Plus Edgard Wright sort of sucks too. His movies are funny for about 10 minutes and then just get unwatchable.
    I love the books, but figure this movie is gonna bomb because it looks pretty bad.

  12. I’m really excited for this one….maybe even more so than for “Inception.” But again, like with “Kick-Ass,” I don’t get the marketing.
    Obviously the PR team has kicked it into high gear as the 2 trailers have dropped and all the cool geeky bloggers were allowed to post their set visit reports which, as will be proven by this movie unfortunately tanking, are no longer a decent source of publicity. But then we gotta wait till OCTOBER to see it!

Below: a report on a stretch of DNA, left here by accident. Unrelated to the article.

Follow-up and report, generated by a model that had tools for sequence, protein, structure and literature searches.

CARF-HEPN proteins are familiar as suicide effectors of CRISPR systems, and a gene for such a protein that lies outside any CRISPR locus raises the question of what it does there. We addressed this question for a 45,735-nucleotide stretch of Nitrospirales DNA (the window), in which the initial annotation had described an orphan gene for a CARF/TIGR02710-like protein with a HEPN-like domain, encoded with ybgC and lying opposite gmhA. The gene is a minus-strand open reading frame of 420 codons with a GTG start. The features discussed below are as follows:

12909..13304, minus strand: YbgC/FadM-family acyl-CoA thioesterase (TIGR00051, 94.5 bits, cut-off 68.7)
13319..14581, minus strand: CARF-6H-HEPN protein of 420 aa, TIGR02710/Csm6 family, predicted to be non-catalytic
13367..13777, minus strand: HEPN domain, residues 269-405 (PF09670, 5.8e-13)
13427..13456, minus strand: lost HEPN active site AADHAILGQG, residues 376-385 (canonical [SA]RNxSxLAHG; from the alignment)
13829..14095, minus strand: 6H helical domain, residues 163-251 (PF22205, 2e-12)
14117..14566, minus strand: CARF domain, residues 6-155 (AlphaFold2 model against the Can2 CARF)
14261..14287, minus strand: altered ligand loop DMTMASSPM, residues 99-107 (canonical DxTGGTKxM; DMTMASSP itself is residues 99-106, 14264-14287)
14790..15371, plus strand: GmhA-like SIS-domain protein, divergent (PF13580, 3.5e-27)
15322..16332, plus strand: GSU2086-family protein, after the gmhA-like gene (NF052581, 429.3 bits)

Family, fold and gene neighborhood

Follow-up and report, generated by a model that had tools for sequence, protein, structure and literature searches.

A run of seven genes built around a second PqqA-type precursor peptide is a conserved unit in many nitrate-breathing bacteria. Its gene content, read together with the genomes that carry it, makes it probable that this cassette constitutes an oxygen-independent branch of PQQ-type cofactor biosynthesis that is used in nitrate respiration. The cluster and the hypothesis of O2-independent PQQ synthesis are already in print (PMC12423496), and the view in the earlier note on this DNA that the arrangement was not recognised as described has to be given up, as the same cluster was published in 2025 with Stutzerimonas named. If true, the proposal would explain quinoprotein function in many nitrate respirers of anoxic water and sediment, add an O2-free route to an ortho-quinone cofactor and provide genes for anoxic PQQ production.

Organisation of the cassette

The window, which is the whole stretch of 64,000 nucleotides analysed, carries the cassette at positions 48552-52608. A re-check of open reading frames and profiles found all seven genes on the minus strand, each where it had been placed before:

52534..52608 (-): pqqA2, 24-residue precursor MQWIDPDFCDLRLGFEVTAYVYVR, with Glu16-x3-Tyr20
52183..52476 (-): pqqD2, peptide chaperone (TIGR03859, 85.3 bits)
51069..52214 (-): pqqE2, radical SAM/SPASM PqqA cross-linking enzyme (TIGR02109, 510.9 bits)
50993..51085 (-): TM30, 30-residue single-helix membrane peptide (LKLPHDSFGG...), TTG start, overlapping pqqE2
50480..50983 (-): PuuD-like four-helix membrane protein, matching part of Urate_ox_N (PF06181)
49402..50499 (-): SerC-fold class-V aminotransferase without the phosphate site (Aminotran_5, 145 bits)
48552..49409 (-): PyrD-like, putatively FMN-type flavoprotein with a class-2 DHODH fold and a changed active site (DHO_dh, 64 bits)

In a crap summer film season, why are they waiting 4 MORE months to open this thing??! Ugh….open it!

  13. Eric says:

    Shaun of the Dead is all kinds of awesome and Hot Fuzz was fun enough. So I expect some good things from this, even though I’m more tired of Michael Cera’s schtick than any other actor right now.

  14. christian says:

    “His movies are funny for about 10 minutes and then just get unwatchable.”
    Need I say EPIC FAIL?

  15. yancyskancy says:

    Edgar Wright sells it for me.
    Re Michael Cera: I suppose if there were blogs in the studio era, would we have seen endless posts like “I’m so tired of Cary Grant’s shtick; ‘Look at me, I’m so handsome and charming and funny.’ And what’s with Cagney? You’re a fast-talking gangsta – we get it. Don’t even get me started on that bitch Bette Davis.”

  16. LexG says:

    The whole premise of this movie/series is annoying; Winstead is cute, but how would a chick that young have already logged SEVEN SERIOUS EXES?